You’re hired at the latest startup as a hardware engineer and required to build the firmware which will run on “The Greatest Next Generation Appliance” (GNA). The GNA boots, prints a message and interacts with a device (in this case an LED).
In this workshop we cover how a person with an interest and a focus on hardware can make progress with the software side by using the NetBSD operating system and the features it offers to save considerable time and effort.
- NetBSD supports a wide & diverse range of systems & CPU architectures.
- Support for cross compilation is offered by default and works out of the box.
- There is a high level language interface to interact with the system internals.
- File integrity verification support to detect tampering of binaries and preventing execution is builtin.
- An instance of the kernel can be run as a user process on different operating systems where rapid development can take place.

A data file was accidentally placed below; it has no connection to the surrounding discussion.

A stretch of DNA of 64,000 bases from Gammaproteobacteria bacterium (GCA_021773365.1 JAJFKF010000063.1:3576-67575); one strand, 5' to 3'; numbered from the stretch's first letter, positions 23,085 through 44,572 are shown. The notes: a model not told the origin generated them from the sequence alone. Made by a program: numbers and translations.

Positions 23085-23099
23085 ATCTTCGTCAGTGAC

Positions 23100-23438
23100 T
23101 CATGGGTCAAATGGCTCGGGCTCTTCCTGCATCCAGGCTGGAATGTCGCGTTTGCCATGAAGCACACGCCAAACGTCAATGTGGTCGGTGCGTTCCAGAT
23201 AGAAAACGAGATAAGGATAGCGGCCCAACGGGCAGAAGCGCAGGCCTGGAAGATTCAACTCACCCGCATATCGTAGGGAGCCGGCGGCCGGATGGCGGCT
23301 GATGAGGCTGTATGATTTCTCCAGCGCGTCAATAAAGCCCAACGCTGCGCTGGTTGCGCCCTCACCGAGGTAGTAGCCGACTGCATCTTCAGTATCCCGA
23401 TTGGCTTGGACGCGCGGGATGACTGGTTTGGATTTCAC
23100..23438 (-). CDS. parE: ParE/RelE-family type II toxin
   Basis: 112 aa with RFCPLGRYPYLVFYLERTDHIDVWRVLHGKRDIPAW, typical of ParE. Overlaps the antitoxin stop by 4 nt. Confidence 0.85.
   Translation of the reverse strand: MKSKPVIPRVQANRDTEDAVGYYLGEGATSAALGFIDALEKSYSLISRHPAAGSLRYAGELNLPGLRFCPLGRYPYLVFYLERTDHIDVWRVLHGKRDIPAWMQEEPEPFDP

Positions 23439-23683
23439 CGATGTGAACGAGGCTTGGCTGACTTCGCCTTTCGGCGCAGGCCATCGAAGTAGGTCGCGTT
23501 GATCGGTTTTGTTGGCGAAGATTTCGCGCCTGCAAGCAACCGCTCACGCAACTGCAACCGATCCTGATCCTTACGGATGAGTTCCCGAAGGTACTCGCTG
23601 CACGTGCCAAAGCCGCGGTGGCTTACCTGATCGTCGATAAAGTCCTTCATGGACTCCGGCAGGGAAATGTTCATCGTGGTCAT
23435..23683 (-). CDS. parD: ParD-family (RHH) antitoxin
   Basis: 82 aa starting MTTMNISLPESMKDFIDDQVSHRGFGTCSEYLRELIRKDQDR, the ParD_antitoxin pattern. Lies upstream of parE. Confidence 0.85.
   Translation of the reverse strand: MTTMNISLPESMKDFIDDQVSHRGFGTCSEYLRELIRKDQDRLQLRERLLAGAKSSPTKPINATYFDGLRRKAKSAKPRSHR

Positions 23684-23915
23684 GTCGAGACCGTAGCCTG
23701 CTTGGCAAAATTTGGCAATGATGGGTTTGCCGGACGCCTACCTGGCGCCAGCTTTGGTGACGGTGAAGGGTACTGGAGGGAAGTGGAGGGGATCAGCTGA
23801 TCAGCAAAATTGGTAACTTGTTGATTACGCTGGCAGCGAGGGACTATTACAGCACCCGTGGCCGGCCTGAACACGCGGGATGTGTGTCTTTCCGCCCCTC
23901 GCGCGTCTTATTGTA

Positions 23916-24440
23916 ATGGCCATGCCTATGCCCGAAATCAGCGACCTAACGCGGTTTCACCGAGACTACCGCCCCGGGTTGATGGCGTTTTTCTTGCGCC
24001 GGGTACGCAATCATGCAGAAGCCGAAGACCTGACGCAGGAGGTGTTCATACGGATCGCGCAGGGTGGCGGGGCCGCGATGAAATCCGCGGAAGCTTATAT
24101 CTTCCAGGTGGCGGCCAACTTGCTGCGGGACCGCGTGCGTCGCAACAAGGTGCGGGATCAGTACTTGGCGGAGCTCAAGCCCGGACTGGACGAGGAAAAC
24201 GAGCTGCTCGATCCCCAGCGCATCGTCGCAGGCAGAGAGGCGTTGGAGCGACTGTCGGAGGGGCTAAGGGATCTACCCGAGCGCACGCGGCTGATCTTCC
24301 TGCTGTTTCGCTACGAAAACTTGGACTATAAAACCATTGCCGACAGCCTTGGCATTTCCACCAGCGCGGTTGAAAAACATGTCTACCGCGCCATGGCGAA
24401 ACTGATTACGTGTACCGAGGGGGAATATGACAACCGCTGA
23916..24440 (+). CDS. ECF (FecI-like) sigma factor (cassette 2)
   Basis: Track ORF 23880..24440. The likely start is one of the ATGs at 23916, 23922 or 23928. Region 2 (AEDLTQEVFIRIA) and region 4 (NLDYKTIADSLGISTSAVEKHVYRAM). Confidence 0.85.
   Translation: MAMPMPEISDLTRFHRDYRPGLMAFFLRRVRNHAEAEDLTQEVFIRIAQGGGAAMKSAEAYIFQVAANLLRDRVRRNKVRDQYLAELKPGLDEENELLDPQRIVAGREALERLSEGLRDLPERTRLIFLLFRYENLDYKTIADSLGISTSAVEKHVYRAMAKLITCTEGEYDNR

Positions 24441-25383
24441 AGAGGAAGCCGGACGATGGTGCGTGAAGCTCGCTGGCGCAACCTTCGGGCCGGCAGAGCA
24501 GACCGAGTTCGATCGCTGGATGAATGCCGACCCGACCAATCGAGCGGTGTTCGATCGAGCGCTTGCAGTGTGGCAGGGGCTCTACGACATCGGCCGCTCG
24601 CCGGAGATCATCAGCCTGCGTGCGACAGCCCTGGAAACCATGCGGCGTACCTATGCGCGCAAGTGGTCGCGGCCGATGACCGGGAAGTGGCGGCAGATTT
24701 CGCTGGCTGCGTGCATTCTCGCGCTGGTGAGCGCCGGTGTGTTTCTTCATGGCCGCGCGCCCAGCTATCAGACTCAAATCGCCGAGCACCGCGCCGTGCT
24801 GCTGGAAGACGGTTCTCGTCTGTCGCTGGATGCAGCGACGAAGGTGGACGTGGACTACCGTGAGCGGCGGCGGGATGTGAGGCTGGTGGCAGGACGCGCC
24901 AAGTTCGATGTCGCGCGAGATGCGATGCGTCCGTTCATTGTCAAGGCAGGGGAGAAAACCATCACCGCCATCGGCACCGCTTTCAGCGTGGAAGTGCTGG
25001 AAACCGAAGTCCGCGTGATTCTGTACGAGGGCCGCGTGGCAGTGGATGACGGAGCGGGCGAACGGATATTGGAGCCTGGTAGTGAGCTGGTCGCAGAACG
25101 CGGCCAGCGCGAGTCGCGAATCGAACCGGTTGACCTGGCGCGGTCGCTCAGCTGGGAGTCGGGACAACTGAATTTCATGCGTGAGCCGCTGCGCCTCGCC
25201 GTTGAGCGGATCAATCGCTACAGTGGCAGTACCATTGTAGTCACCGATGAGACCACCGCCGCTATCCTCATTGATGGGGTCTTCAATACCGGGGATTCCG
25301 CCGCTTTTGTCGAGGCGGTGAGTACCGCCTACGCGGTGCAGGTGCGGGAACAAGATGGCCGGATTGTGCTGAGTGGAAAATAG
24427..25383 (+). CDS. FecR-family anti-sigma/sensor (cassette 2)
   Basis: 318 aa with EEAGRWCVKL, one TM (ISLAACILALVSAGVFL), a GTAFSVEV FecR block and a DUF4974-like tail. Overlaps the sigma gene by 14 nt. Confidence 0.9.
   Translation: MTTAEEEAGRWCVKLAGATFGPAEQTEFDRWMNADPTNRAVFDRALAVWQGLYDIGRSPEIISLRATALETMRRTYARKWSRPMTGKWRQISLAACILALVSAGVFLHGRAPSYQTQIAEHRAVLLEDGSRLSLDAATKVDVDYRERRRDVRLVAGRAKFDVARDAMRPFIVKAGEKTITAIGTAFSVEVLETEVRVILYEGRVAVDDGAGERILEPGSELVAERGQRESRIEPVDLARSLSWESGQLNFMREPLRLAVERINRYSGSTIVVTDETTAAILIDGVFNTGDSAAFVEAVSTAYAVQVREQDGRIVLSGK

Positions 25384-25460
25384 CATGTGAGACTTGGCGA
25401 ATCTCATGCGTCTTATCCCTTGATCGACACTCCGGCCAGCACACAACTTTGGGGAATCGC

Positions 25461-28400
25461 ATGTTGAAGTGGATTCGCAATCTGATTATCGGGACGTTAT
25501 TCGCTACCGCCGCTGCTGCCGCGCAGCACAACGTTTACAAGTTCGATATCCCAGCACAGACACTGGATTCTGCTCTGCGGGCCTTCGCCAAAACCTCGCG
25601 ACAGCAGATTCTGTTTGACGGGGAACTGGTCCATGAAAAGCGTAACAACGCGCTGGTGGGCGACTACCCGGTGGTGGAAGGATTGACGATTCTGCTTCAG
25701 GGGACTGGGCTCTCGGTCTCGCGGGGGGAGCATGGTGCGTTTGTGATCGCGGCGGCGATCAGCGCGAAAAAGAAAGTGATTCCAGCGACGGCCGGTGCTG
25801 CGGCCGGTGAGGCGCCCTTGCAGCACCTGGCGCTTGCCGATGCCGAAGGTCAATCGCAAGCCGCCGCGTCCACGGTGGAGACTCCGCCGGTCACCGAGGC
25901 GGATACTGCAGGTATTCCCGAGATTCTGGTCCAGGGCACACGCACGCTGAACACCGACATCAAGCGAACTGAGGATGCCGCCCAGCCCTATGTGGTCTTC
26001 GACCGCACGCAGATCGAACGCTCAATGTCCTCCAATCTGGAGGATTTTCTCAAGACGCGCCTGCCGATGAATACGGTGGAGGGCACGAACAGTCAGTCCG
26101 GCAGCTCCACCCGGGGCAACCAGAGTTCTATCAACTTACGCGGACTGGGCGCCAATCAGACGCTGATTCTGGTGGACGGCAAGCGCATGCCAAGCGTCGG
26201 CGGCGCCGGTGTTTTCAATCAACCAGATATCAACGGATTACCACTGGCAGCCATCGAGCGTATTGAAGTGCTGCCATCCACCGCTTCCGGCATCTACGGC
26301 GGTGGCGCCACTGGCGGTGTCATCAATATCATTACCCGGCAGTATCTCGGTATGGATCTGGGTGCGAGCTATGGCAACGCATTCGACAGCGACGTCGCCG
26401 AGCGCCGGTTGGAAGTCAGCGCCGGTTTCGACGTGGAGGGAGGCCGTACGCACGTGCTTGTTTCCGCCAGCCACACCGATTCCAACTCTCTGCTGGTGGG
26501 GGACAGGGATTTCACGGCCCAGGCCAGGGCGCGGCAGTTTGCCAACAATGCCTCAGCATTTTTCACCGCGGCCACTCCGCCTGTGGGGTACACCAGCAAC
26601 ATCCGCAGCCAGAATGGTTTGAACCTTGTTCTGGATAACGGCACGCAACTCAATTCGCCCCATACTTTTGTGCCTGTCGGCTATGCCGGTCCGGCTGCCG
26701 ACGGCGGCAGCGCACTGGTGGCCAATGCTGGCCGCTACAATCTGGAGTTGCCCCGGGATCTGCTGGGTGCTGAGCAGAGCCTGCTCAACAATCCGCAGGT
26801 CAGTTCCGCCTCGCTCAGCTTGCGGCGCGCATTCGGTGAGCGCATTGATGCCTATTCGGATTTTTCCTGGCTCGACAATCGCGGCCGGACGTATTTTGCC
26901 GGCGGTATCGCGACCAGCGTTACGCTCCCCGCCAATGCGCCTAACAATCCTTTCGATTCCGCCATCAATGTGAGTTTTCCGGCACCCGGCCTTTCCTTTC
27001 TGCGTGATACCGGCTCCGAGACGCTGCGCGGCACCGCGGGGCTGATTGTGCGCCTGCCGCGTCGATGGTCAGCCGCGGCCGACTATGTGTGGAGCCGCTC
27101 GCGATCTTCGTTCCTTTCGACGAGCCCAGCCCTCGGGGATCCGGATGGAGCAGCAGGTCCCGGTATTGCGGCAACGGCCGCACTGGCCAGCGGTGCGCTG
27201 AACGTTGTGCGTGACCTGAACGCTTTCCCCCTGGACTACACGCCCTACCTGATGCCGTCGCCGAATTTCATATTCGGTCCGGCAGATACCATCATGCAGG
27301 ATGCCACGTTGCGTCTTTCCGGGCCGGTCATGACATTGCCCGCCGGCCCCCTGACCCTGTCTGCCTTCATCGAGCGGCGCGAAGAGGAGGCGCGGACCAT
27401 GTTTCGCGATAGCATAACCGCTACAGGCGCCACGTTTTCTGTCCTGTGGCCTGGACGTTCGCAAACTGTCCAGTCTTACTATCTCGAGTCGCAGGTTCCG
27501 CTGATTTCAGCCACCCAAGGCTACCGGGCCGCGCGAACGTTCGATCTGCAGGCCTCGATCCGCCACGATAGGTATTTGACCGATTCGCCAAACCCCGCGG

Things we will cover:
- An introduction to cross-compilation with build.sh and constructing an image to boot on your hardware.
- Interacting with the system using Lua (which is embedded in the kernel, avoiding having to write C or have knowledge of OS internals) to e.g. access GPIO.
- Preventing the execution of tampered or unauthorised binaries with veriexec.
- Using rump kernel for rapid development away from a potentially slow dev board.